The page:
Senior Invitations
Seniors will be given another op-
portunity to purchase invitations and
announcements, due to an arrange-
ment with the printers completed yes-
terday, according to an announce-
ment by Howard E. Crowell, '25,
chairman of the committee, last night.
Both the invitations and annbunce-
ments will be on sale at a booth in
the corridor of University hall, to-
morrow and Tuesday. No orders can
be taken after Tuesday, as the final
number will be wired to the printer

that night. 'The invitations are fifty
cents, the announcements ten cents.
Panama, May 2.-Jose Lombardo,
featherweight champion of Central
and South America, h'as been matched
for May 5 with Joe Ramos, Panama
featherweight.

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GERMAN CHEMIST
CWILL TALK HERE
May 1; Is Date Set For Final
American ChIemieal Society
Program of Year
IS COLLOID AUTHORITY
Prof. Herbert Freundlich, assistant
director of the Kaiser Wilhelm in-
stitute in Berlin has been secured by
the University branch of the Amer-
ican Chemical society as the speaker
for their last program of' the year to
talk on colloidal chemistry May 15
in the Chemical amphitheater.
The Berlin Professor is interna-
tionally recognized .as one of the
greatest living authorities on col-
loidal chemistry. In his work he has
especially investfgated the physical
side of colloidal phenomena and his
address here will stress this side of
the subject. ,
The purpose of Profesosr Freund-
lich's visit to this country is to at-
tend the Third National Colloid sym-
posium which will be held at Minne-
sota university during June. After
this meeting he intends to remain at
the Minnesota university to give a
course of lectures.
His visit here is one of a number
that he is making before June. Start-
ing in the middleof April he has
planned to visit 23 American cities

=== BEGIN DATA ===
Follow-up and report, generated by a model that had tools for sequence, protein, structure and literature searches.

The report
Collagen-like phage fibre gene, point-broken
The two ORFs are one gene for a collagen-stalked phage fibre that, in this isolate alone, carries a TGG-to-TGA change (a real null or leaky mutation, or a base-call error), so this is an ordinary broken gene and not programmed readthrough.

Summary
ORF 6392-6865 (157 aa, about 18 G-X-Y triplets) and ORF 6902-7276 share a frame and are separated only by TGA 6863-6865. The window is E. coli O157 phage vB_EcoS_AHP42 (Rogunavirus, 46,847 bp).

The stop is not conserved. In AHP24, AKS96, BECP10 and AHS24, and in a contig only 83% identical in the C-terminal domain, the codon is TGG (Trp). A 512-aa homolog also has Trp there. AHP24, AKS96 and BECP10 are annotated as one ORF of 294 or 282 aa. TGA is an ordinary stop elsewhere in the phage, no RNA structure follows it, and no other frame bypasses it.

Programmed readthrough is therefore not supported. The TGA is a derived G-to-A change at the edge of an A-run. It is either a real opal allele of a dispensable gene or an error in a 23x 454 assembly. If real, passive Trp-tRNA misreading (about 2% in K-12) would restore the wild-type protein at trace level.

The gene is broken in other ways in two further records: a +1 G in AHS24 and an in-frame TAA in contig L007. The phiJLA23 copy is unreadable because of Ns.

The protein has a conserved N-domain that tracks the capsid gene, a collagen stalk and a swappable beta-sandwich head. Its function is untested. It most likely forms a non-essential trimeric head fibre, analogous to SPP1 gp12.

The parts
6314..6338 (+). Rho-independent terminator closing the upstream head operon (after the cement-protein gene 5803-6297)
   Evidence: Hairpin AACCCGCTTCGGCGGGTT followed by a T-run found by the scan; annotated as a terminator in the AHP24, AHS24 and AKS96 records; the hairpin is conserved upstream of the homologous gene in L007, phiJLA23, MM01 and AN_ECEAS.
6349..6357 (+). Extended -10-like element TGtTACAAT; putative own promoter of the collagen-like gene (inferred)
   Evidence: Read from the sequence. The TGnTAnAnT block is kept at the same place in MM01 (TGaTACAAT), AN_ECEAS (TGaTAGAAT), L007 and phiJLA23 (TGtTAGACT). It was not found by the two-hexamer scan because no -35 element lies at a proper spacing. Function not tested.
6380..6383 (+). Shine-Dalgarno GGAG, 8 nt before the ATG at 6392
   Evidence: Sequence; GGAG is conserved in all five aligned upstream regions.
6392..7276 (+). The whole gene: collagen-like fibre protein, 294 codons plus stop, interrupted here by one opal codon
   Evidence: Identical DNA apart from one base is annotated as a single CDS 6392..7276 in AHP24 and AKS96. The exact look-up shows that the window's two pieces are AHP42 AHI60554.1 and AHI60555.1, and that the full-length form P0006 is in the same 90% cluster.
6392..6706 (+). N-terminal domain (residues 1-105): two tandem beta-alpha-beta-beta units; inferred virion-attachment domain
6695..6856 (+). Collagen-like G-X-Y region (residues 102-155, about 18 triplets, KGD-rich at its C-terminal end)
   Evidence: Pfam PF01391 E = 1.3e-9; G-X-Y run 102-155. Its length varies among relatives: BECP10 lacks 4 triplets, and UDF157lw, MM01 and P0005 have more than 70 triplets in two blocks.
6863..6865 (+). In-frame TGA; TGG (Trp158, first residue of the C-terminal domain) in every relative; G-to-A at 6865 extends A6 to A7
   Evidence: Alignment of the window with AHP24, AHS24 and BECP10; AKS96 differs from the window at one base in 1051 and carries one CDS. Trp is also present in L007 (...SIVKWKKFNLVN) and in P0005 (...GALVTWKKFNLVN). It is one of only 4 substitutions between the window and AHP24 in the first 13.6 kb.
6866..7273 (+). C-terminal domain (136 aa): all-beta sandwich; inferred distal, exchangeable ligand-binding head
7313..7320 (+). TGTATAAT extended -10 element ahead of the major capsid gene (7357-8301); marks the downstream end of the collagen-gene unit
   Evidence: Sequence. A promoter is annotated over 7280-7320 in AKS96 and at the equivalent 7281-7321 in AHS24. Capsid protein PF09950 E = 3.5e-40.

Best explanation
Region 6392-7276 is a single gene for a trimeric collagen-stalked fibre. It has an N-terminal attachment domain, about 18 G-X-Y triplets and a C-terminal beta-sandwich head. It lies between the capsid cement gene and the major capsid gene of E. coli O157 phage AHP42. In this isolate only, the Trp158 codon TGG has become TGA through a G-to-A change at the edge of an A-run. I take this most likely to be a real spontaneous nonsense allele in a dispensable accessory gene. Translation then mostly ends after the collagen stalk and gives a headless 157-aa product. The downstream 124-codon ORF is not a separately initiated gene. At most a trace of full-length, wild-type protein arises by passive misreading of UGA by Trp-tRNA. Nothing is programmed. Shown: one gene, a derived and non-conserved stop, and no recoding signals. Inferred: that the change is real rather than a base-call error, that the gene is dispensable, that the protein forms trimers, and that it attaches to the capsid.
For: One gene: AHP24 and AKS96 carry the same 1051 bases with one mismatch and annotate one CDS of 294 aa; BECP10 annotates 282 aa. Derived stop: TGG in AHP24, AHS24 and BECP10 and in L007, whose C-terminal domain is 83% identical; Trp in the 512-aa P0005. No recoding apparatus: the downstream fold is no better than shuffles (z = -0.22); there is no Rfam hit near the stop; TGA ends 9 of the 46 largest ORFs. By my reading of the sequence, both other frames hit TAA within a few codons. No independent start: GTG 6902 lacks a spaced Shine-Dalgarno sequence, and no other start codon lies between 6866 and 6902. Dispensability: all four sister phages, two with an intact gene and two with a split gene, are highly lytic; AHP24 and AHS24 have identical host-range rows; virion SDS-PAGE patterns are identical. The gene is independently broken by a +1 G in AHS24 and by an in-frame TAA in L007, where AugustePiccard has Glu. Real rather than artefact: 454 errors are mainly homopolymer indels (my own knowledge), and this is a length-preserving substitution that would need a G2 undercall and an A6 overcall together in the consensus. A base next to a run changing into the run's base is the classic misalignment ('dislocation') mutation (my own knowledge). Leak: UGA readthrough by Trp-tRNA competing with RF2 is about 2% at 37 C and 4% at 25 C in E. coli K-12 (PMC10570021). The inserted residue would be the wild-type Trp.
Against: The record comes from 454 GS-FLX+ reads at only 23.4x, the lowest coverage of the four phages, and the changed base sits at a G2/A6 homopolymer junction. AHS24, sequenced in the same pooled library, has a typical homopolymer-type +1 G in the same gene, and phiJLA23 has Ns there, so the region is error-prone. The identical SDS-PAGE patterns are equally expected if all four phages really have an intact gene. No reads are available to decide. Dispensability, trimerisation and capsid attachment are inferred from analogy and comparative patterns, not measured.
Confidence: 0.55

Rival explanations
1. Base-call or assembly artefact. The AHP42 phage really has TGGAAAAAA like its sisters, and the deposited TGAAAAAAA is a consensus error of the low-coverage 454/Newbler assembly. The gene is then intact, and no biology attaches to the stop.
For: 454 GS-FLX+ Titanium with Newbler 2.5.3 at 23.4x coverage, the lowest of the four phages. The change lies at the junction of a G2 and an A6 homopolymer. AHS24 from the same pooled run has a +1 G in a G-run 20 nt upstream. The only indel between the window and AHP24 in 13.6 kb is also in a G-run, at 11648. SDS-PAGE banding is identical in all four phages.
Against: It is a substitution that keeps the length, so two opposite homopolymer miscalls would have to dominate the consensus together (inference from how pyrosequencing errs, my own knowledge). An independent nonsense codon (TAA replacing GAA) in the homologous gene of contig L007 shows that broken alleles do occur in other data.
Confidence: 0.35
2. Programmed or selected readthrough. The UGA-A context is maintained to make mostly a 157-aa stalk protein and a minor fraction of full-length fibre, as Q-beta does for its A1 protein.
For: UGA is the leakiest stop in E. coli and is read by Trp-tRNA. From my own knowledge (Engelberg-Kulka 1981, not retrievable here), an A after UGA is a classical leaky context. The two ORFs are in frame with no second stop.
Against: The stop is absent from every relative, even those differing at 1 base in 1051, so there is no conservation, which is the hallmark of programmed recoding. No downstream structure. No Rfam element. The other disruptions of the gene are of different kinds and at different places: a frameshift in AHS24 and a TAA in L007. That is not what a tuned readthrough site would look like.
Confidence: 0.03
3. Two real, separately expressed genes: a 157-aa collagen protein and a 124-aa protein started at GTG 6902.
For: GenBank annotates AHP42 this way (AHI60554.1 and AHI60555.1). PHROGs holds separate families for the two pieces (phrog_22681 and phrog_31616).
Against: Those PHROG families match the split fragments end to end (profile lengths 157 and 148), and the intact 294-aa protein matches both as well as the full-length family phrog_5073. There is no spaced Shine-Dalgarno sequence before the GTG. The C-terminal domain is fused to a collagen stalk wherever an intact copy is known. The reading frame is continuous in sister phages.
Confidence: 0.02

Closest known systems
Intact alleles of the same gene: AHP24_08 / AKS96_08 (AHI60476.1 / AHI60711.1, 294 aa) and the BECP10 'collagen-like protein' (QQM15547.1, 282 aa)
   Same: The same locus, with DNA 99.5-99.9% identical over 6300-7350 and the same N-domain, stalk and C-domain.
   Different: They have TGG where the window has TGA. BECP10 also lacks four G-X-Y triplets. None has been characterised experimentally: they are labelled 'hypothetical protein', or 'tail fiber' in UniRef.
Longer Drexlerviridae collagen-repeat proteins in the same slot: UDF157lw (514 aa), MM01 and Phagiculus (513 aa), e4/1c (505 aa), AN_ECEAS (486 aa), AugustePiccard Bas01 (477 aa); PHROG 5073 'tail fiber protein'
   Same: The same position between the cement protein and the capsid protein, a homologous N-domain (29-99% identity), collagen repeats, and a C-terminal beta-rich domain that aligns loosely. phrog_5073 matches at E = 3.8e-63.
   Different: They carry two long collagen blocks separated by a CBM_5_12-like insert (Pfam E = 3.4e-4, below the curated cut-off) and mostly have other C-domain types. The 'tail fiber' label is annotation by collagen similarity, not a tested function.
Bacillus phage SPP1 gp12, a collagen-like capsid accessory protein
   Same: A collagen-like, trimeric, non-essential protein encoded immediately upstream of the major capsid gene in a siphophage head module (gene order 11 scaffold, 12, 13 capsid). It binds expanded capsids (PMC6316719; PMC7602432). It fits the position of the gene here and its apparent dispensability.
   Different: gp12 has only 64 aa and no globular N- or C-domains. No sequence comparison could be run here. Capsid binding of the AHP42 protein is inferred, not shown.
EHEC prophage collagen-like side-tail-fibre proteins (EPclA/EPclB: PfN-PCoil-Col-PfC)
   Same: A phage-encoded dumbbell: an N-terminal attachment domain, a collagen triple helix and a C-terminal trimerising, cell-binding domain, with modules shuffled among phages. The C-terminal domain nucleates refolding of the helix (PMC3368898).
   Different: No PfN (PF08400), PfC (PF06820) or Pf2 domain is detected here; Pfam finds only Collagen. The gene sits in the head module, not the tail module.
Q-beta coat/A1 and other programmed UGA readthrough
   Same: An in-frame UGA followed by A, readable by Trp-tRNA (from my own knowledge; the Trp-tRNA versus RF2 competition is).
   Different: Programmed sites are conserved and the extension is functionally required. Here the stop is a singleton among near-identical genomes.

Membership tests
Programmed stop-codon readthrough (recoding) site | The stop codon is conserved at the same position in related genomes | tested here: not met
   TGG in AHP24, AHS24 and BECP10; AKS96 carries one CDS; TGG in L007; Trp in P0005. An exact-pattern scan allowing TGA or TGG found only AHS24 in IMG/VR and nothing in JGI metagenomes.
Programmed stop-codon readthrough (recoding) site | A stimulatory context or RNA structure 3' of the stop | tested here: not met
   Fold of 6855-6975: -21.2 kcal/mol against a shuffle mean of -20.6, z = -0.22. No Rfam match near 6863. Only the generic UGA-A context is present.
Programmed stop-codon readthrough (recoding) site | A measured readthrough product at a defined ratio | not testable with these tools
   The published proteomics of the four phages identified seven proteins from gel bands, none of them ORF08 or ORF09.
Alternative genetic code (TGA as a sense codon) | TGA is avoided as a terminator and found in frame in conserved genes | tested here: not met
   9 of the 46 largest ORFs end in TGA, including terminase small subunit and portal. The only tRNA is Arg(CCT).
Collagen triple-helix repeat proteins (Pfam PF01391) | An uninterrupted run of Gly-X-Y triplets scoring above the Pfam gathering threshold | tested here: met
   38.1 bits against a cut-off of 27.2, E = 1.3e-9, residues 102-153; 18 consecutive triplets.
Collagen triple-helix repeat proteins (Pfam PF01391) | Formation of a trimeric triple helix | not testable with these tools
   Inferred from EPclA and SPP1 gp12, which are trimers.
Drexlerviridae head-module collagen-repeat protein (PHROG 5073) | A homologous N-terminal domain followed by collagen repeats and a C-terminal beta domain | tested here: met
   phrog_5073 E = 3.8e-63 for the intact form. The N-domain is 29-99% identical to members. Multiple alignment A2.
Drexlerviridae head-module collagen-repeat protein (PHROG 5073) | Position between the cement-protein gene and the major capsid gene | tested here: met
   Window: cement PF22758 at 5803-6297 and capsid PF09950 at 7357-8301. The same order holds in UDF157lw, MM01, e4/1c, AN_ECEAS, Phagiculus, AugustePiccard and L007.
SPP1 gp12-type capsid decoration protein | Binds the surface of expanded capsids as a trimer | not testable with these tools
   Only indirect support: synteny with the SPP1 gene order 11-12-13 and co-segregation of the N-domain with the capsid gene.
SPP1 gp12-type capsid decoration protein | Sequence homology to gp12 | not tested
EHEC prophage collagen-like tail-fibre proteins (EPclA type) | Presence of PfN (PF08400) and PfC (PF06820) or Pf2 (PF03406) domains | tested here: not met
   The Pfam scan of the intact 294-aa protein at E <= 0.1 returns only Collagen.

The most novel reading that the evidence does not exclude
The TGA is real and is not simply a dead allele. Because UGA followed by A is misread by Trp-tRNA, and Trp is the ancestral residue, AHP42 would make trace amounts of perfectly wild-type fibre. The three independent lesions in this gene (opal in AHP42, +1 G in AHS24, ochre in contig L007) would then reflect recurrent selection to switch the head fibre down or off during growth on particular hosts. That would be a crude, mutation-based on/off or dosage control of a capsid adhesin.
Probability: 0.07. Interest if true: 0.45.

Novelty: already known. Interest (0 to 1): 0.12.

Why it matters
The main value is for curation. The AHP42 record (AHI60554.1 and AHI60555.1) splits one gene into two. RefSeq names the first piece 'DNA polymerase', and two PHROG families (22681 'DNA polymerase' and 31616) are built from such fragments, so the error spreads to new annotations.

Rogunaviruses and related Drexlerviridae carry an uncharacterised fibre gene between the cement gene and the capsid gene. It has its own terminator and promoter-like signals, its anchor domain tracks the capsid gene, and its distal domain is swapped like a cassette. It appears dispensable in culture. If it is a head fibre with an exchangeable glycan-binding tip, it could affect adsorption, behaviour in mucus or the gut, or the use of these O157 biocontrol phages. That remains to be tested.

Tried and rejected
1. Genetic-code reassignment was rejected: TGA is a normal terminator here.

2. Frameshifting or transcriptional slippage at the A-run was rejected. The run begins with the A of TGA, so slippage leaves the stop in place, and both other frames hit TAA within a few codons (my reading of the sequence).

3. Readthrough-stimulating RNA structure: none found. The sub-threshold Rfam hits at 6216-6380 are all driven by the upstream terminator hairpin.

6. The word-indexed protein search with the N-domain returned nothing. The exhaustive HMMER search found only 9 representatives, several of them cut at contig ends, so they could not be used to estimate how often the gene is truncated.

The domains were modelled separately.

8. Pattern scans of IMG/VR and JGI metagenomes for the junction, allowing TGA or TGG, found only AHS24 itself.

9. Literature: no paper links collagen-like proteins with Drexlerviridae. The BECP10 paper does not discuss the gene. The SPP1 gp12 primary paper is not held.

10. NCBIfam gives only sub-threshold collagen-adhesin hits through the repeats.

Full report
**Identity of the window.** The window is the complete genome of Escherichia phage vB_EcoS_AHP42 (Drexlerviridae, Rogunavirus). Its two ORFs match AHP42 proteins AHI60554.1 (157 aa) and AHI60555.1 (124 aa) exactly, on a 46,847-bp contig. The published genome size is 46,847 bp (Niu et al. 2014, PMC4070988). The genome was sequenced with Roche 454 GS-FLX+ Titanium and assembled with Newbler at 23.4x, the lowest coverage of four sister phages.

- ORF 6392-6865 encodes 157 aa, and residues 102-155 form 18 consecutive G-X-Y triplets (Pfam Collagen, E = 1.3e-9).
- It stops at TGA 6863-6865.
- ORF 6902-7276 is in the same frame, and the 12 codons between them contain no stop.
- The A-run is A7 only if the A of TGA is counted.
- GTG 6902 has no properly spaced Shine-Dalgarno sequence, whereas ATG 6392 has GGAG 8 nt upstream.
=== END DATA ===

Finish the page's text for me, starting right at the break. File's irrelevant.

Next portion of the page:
speaking in each one of them. Fol-
lowing his Ann Arbor address, he
will go to Lansing to speak before an
audience at the Michigan State col-
lege there.
Ohio Maintatins
L ead; Defeats
Wi sco nsin, 4-1
Columbus, May 2.-With Russ
Miller twirling wonderful ball, and
with his teammates giving him
equally good support, Ohio State
copped their fourth consecutive base-
b hll C nfa p virtnr thia ftpr

ILLINI WIN PITCHERS' DUEL
'BY1-0SCOE;JABLONOWSKI
ALLOWS BUT ONE SCRATCH HIT
INDIANS COUNT WINNING TALLY WHEN
MICHIGAN TEAM BLOWS UP
IN SIXTH INNING
By William H. Stoneman
One scratch hit and a pair of errors in the sixth inning brought Mich-
igan to grief in its opening Conference game of the season yesterday after-
noon on Ferry field. The final scor e, Illinois 1, Michigan 0, tells the
story of one of the greatest games ever played on the local diamond and a
game which might have been Michigan's had it not been for the two
costly errors. It was a pitcher's battle between Jablonowski and Kinder-
man from start to finish with the Wolverine allowing only one weak hit

sixth, knocked a grounder down to
Jablonowski. It was to one side of
the mound and in his hurry to get
the ball to first, Jablonowski threw
wildly to Wilson. By the time the
ball had reached first Jordan had
touched the sack, and when the throw
was out of Wilson's reach he contin-
ued his journey to second. Worth,
the next man up, hit a terrific
grounder straight at Haggerty, and
his throw was also poor. By the